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25. ‘Needs to make sure that he does not rely just on natural intelligence.’

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Rolf Harris: the day it turned out nice men can be predators

Unlike Grace Dent, I’m not old enough for Rolf to have entertained me as a child. (June 1991. I know.) At eight or nine, I only knew of him from ads for Animal Hospital, which I didn’t watch. I did, however, grow to like him in his Rolf on Art programmes during my teens, and I’ve followed Operation Yewtree enough to know his case is different from the other men’s involved.

Those whose guilt has been ascertained – Jimmy Savile, Max Clifford, Gary Glitter – or were arrested over allegations (Freddie Starr, Jim Davidson, Jimmy Tarbuck) have a certain seediness in common. After meeting any of them one would want to wash one’s hands: if unsavoury reports had come to light ten years ago, I doubt most of us would have been that shocked, and with one or two it seemed only a matter of time. Rolf – even now, calling him by anything but his first name feels wrong – was by contrast the last person you’d fear in a dark alley. With a quiet, distinctly Australian warmth and a unexpectedly thoughtful painting style for someone who made his name through novelty children’s records, he remains the only Yewtree suspect ever to have come across as a nice bloke, and this makes his guilt uniquely disturbing.

I can’t be alone in feeling this. Harris (alright) was obviously seen to be harmless enough that BBC bosses placed him in kids’ TV, and unlike in Savile’s case (whose child sex abuse it appears was extraordinarily prolific), one doesn’t sense their heads were in the sand. So formidable was the man’s natural charm that it seems it constituted his entire defence strategy in court. ‘In his evidence,’ news stories state, ‘Harris reminded the jury of his career, how he had invented the wobble board instrument by accident and popularised the didgeridoo, and talked about his hit records, briefly singing a line from one of them, “Jake the Peg”’ – as if proving himself likeable would be enough to get him off. While assaulting girls between the ages of seven and fifteen, his barrister reportedly argued, he had simply ‘los[t] perspective and rational thought in the face of flattering attention’. High on well earned public adoration, in other words, who could blame him?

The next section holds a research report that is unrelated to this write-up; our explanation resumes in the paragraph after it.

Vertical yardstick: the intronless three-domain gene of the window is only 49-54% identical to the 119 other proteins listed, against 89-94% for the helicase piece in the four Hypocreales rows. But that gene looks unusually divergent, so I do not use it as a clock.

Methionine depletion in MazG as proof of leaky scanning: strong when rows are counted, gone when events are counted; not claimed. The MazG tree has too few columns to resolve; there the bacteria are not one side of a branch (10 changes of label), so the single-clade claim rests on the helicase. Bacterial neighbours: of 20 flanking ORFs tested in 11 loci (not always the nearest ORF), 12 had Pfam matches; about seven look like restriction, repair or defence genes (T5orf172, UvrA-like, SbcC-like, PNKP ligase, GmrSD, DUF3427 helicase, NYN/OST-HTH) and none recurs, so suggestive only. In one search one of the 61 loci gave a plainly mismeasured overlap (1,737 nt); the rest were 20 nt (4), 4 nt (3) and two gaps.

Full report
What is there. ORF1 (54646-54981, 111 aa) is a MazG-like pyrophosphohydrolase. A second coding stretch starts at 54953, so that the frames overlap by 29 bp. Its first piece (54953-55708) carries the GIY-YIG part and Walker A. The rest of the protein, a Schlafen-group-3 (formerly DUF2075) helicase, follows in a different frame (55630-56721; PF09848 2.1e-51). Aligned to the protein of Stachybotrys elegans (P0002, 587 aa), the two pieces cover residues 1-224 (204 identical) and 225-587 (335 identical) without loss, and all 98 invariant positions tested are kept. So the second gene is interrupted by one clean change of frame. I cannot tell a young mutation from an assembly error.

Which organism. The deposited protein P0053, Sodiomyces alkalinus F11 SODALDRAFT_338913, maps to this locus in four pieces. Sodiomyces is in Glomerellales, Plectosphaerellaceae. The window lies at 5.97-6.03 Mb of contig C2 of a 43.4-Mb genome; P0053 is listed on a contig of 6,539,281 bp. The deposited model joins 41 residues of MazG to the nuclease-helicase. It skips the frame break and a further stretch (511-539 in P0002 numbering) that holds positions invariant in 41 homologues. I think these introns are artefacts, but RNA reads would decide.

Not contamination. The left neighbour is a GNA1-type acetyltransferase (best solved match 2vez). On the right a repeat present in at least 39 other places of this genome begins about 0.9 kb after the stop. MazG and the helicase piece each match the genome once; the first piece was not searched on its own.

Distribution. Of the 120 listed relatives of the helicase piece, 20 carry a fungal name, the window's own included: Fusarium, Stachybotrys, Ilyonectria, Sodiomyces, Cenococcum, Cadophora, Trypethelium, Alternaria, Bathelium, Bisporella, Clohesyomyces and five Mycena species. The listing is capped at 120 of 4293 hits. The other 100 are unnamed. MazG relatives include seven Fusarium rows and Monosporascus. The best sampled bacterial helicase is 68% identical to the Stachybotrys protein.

What unnerves is that Harris was evidently quite justified in thinking this would work. For many years it clearly did. With the conviction of men like Savile and suspicion of ones like Davidson, a note of smugness is tempting and to deny it would be humbug. Something about them was always a touch pervy, and it’s hard to resist told-you-so-ism. Harris had us fooled, and that’s harrowing – because mock it as we might when relied on in court, the assumption that a nice bloke couldn’t sexually assault children is exactly what enabled him to get away with it repeatedly.

It’s easier to talk about abuse – assault, harassment, rape – in ways that don’t implicate us, to make out predators are just violent strangers, sexual violence is a problem elsewhere in the world and only leering creeps molest young girls. As I write, the press is busy monstering Harris with words of sickness and perversion, tipp-exing out of history a lifetime of popular affection and approval because inevitable evil is less threatening than a perp who doesn’t fit that image. Admitting Rolf was a nice guy means admitting, too, that apparent nice guys do what he did. That’s a difficult red pill to swallow, but on the other hand, how many victims does denying it prevent from being believed?

Make no mistake, you and I are part of this.